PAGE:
Nasal cavity the cavity on either side of the nasal septum, extending from the nares to the pharynx, and lying between the floor of the cranium and the roof of the mouth. Dust, bacteria, and other particles inhaled from the air are trapped by the mucus in the nose, carried back, swallowed, and dropped into the gastric juices so that any potential harm they might do is nullified.
Most air breathed in normally flows through the nose, but only a small part reaches the olfactory clefts to get a response to an odor. When a person sniffs to detect a smell, air moves faster through the nose, increasing the flow to the olfactory clefts and carrying more odor to these sensory organs.
Without the nose, the body wouldn’t be able to taste food nearly as well. What humans call “taste” is actually a mixture of different sensations. One of the sensations is smell. When food is eaten, the nose smells the food and sends information to the mouth in a process called olfactory referral. This is why those with a cold or other nose condition finds that food lacks flavor.
Structure and Functions of Nasal Cavity
The structure of the nasal cavity helps to enhance the sense of smell. There are grooves on the wall of the nasal cavity called nasal conchae or turbinates. Their shape helps the inhaled air circulate around the nasal cavity and increases the surface area of warm, moist tissue with which the air makes contact. The nasal tissue warms and helps filter, with ciliated epithelium, the air before it travels into the lungs.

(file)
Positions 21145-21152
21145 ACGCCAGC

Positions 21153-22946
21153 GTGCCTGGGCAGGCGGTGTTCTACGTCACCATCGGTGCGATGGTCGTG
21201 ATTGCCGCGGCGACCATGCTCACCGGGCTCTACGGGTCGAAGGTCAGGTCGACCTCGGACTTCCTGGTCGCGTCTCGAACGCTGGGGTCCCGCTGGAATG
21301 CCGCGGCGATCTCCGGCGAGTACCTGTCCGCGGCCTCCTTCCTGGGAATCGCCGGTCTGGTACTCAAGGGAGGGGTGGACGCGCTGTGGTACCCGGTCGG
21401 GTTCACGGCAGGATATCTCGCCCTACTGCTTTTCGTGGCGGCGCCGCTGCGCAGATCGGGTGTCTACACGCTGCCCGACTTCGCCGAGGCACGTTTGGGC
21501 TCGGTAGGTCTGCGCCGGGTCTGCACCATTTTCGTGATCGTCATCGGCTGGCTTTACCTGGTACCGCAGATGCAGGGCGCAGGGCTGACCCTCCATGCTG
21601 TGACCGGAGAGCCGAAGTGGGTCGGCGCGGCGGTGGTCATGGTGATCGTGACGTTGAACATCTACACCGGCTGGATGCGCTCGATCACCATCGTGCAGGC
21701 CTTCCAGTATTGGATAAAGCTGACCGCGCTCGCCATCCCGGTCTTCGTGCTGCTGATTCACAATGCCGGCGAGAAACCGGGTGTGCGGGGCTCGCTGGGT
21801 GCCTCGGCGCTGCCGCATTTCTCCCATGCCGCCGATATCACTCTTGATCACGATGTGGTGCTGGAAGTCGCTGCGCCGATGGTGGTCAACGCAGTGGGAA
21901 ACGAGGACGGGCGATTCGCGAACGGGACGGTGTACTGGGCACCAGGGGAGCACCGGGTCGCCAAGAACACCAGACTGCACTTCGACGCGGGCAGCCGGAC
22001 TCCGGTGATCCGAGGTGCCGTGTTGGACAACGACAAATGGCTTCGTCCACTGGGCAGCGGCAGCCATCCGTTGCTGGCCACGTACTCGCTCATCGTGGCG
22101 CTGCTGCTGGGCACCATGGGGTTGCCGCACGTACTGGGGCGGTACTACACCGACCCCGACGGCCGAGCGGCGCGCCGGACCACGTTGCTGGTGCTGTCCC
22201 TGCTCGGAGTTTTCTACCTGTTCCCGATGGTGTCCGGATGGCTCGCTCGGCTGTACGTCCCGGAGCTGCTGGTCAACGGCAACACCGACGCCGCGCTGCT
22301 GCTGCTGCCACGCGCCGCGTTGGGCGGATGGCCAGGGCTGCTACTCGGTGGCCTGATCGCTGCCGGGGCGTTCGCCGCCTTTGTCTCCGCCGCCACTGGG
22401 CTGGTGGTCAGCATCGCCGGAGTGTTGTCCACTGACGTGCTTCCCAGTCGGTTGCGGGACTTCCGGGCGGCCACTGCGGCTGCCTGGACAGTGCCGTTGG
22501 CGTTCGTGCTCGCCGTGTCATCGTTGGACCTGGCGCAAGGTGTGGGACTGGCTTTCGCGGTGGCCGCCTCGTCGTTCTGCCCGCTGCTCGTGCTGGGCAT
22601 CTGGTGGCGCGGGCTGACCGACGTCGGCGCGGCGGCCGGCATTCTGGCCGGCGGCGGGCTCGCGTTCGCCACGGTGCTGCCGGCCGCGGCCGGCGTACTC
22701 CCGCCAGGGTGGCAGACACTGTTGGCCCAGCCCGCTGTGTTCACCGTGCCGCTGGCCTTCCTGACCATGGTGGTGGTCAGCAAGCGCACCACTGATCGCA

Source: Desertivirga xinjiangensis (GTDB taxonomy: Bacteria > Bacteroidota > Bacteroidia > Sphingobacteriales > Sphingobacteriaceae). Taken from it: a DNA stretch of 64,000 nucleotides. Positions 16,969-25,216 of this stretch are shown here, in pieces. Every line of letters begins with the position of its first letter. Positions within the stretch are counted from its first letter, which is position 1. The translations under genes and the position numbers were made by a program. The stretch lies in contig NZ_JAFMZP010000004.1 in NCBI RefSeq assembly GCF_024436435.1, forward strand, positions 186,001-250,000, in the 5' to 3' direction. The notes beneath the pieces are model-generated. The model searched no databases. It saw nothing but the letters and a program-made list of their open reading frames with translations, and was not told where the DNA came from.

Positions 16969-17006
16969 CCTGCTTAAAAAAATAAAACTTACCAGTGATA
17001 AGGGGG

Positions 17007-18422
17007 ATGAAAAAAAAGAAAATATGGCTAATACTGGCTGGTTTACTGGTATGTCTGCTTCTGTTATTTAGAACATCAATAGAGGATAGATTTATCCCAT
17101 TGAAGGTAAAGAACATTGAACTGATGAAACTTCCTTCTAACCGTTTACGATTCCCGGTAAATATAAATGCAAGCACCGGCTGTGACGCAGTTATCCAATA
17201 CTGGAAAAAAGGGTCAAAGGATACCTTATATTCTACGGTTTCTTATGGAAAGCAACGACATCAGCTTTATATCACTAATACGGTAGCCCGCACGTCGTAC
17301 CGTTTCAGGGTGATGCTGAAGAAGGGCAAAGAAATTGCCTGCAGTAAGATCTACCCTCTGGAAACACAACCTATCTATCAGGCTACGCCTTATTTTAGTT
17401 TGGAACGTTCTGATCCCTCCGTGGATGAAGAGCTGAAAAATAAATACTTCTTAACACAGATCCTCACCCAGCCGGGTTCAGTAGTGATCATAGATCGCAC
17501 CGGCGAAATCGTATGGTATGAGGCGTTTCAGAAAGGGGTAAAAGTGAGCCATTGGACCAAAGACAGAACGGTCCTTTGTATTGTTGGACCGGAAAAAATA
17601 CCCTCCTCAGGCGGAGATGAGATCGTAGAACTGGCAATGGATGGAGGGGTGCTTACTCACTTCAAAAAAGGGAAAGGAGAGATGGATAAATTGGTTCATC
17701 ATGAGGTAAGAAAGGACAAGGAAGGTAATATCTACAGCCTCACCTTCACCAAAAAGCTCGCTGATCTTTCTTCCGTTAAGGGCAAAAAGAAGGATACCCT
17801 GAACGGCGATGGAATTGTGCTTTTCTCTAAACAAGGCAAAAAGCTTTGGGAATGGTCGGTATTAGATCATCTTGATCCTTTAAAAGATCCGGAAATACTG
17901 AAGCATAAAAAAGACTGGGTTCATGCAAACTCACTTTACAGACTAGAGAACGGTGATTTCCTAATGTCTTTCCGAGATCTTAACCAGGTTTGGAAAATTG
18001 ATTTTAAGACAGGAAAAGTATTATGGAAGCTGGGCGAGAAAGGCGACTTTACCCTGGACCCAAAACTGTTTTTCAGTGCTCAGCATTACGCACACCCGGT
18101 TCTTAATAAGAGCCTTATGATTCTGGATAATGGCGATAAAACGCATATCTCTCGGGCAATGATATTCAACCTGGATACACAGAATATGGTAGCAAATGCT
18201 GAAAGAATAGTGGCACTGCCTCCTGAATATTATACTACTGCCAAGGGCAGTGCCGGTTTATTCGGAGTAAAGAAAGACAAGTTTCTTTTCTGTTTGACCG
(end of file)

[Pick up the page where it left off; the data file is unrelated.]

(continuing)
This is a very direct route from the nose to the brain which helps us react quickly to the different smells that we detect. The brain will identify the smell and give a signal how to respond. Some responses are subconscious, like the smell of baking cookies causing our mouth to water or your stomach to rumble. The voluntary, conscious response may be to go in and a cookie. The same can be said of bad smells. The filthy washroom may cause our nose to wrinkle and we will consciously move away quickly.
The two openings in the nose care called nostrils, or napes. They lead to two nasal cavities that are separated by the septum, a wall of cartilage. Inside the face is an intricate system of canals and pockets of air called sinus cavities. Sinus cavities span all the way to the back of the skull, right above the oral cavity, within the cheekbones and between the eyes and brows. All of these areas are responsible, at least in part, for breathing, smelling, tasting and immune system defense.
There is a rich blood supply to the nasal cavity. In some animals, such as dogs, the capillary beds flowing through the nasal cavity help cool the blood flow to the brain. Blood supply comes from branches of both the internal and external carotid artery, including branches of the facial artery and maxillary artery.
The most common cause for the loss of the sense of smell is a viral infection, like a cold, Kanowitz told Live Science. Sinus infections, nasal polyps, tobacco use, head trauma and, in exceedingly rare instances, tumors, may also cause smell loss. Some loss of smell also occurs during the natural aging process, much akin to visual and hearing loss. Sinusitis is another common nose condition. The inflammation can come from allergies, viruses and certain diseases. Some symptoms are weakness, fever, fatigue, cough and congestion.